Feeding responses of hatchery-reared gilthead sea bream (Sparus aurata L.) to a commercial diet and natural prey items

Type Article
Date 2003-06
Language English
Author(s) Andrew J, Begout Marie-LaureORCID, Kadri S, Holm J, Huntingford F
Affiliation(s) Univ Glasgow, Inst Biomed & Life Sci, Div Environm & Evolutionary Biol, Glasgow G12 8QQ, Lanark, Scotland.
IFREMER, CNRS, Ctr Rech Ecosyst Marins & Aquacoles, F-17137 Lhoumeau, France.
Biomar AS, DK-7330 Brande, Denmark.
Source Marine and Freshwater Behaviour and Physiology (0091-181X) (Taylor & Francis), 2003-06 , Vol. 36 , N. 2 , P. 77-86
DOI 10.1080/1023624031000109864
WOS© Times Cited 13
Keyword(s) Gilthead sea bream, Food handling, Food choice, Chewing, Aquaculture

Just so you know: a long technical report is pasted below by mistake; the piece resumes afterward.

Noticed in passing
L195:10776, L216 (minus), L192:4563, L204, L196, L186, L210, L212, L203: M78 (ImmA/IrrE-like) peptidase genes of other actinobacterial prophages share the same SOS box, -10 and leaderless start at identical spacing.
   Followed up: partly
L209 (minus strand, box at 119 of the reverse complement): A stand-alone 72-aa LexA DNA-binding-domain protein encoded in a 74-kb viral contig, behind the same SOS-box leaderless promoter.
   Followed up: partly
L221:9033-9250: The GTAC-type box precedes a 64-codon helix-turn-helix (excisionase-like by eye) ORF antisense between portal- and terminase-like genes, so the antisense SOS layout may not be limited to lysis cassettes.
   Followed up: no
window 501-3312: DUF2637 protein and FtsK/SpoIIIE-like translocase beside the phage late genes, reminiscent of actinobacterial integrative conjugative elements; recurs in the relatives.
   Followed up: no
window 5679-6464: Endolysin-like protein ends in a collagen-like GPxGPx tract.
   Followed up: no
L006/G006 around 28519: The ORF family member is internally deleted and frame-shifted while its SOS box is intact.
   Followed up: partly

Abstract Many fish species have evolved feeding mechanisms and behaviours enabling them to feed on specific prey. However, such mechanisms may not be optimal for feeding on commercial-pelleted diets in aquaculture. Gilthead sea bream chew and occasionally eject pellets or parts of pellets from the mouth when feeding on commercial diets. This may result in an increase in nutritional waste from the intensive culture of this species. In this study we examined the prevalence of this food processing behaviour in two sizes of sea bream, feeding on three types of natural prey items in comparison to a commercial pellet, to give an insight into the circumstances in which excess chewing and ejection of food items from the mouth occurred. These included two hard-textured food items (commercial pellet and hard-shelled prey) and two soft-textured food items (larvae and small crustacean). Both sizes of sea bream frequently consumed the soft-textured food types, however large sea bream also frequently consumed hard-textured pellets. Hard-textured food required longer handling times and elicited more chewing and the ejection of food items from the mouth. These results suggest that future investigations on the food processing behaviour and consequent waste when fed commercial diets differing in texture could give an insight into improving diets and feeding efficiency for intensively cultivated gilthead sea bream.
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